Your Word is Your Bond
The Old Ways recognised the true power that words have, today we seem to have forgotten. As a result we lay up all sorts of trouble for ourselves. Our world may have changed, but the importance of integrity has not. Making an agreement verbally means that whatever is agreed to is ‘set in stone’. Elements of nature; trees, stones etc. have always been recognised as ‘witnesses’ to the words that we speak. Something else that we seem to have forgotten in our modern lives.
This knowledge is recorded in the Bible (as much as I dislike quoting the Bible). In Joshua 24:27, Joshua says to the people “this stone shall be for a witness against us, for it has heard all the words”. And in the new testament Jesus is recorded as saying “if they [His disciples] keep quiet, the stones will cry out”. The Ankerwycke yew at Runnymede, officially bore witness to King John signing the Magna Carta in 1215.
In the ‘Stone Tape Theory’ (popular in paranormal culture), it is the crystalline structures within stone and rock that are believed to be capable of storing energy. The spoken word travels in the energy form of a sound-wave. Whilst this theory has been dismissed by science in the past scientists at the University of Southampton have now, using nanostructured (similar to crystalline-structure) glass, developed the recording and retrieval processes of five dimensional (5D) digital data. This has unprecedented properties including 360 TB/disc data capacity, thermal stability up to 1,000°C and virtually unlimited lifetime at room temperature (13.8 billion years at 190°C ).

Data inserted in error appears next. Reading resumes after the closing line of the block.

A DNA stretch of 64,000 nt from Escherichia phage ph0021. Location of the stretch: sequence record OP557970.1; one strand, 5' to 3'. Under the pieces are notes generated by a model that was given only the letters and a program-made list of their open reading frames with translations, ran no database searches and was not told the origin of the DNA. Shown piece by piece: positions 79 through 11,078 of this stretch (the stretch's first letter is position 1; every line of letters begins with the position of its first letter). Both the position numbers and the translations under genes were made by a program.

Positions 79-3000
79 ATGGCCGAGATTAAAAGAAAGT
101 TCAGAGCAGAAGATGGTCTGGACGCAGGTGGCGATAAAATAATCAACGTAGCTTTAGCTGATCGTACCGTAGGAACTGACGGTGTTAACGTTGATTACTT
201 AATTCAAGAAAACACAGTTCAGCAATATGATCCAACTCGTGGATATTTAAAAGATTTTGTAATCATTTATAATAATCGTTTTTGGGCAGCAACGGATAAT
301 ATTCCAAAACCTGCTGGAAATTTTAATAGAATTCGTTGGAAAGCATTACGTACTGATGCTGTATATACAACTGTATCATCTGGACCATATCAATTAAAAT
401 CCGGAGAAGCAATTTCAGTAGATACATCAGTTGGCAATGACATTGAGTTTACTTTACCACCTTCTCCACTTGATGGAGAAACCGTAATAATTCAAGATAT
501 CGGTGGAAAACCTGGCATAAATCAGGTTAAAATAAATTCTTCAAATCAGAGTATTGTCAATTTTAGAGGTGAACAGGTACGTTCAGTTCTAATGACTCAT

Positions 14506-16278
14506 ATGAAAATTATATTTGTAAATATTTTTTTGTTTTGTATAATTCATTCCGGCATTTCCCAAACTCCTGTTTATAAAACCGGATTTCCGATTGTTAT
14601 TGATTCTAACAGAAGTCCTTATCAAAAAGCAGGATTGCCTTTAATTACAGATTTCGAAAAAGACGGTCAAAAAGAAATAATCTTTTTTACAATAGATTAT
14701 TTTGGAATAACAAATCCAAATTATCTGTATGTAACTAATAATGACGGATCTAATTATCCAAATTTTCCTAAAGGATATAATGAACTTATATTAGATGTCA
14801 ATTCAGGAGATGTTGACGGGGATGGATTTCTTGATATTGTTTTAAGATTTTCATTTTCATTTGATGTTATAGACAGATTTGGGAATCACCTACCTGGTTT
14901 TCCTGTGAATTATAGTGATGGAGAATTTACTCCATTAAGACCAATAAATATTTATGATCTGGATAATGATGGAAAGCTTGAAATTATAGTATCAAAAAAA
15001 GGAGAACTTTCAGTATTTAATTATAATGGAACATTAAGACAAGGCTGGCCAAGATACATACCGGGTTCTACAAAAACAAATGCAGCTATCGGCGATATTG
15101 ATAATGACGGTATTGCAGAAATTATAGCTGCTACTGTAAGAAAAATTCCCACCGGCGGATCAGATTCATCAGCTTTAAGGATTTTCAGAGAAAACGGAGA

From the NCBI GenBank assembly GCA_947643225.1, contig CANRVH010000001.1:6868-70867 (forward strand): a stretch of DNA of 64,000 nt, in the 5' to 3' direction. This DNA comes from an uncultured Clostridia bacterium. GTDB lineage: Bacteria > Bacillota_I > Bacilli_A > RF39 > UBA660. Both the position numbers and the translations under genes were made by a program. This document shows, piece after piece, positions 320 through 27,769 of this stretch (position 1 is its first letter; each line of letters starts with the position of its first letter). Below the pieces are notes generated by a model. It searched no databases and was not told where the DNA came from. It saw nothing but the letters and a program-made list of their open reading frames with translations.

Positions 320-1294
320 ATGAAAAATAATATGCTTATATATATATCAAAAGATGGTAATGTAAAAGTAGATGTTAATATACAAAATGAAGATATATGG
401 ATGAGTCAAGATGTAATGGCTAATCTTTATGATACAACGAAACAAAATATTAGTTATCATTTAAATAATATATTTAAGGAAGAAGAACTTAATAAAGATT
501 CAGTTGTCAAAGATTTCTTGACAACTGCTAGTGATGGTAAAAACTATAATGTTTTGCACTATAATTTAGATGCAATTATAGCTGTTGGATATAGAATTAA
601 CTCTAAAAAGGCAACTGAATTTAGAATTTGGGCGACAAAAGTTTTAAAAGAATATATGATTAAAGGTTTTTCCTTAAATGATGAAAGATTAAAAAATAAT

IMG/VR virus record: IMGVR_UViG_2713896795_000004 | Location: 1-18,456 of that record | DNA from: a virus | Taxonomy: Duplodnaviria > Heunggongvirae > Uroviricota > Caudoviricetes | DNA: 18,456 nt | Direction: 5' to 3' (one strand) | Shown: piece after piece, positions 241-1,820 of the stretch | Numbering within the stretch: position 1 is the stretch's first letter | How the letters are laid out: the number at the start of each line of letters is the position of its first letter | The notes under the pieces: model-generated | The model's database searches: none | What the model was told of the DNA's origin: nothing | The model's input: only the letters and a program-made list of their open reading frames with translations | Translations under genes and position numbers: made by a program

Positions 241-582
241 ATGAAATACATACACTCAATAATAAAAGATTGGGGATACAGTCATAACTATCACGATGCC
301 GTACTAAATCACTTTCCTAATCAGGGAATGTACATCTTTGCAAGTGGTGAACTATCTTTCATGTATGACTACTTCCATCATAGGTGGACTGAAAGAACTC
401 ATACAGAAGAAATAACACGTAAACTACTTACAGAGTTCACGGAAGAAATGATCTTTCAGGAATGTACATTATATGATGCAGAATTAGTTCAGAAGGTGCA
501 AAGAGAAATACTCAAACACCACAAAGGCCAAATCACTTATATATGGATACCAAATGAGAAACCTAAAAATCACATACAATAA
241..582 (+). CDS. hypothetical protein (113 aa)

When we verbally make an agreement, say that we will do something it truly is ‘set in’ stone. If we don’t deliver on what we have agreed the other person/people may feel aggrieved at being let down. We may get a reputation as being unreliable. This is negligible in comparison to what ‘Otherworld’ may return to us in energy form. Carefully consider what you are agreeing to and how you word that agreement. You are being recorded and the universe will hold you to it. Your word is your bond.
Spell it Out
‘Spell’ used as a verb meaning ‘to enunciate the letters making up a word’ first appeared in English in the 14th century, borrowed from the Old French ‘espeller’, and originally meant ‘to read out, to study intently’. The root of that Old French ‘espeller’ was the ancient Germanic root ‘spell’, which also gave us the ‘magic’ sort of ‘spell’.
Whether you are speaking whether that be in the sense of enunciating words or in the sense of delivering an incantation, you are constructing meaning and delivering it. In both uses you are doing the same thing. You are using words to express your intentions and direct their energy to achieve a particular outcome. Words cast spells (that is why it is called spelling), words are energy, use them wisely.
A last word of warning. Remember the ability of words to bounce. Whether it is caused by them hitting something that forms the shape of an amphitheatre and creates the effect of an echo, or them hitting someone else’s protective barrier designed to send things back to source. Words have a nasty habit of coming full circle and biting you on the rump.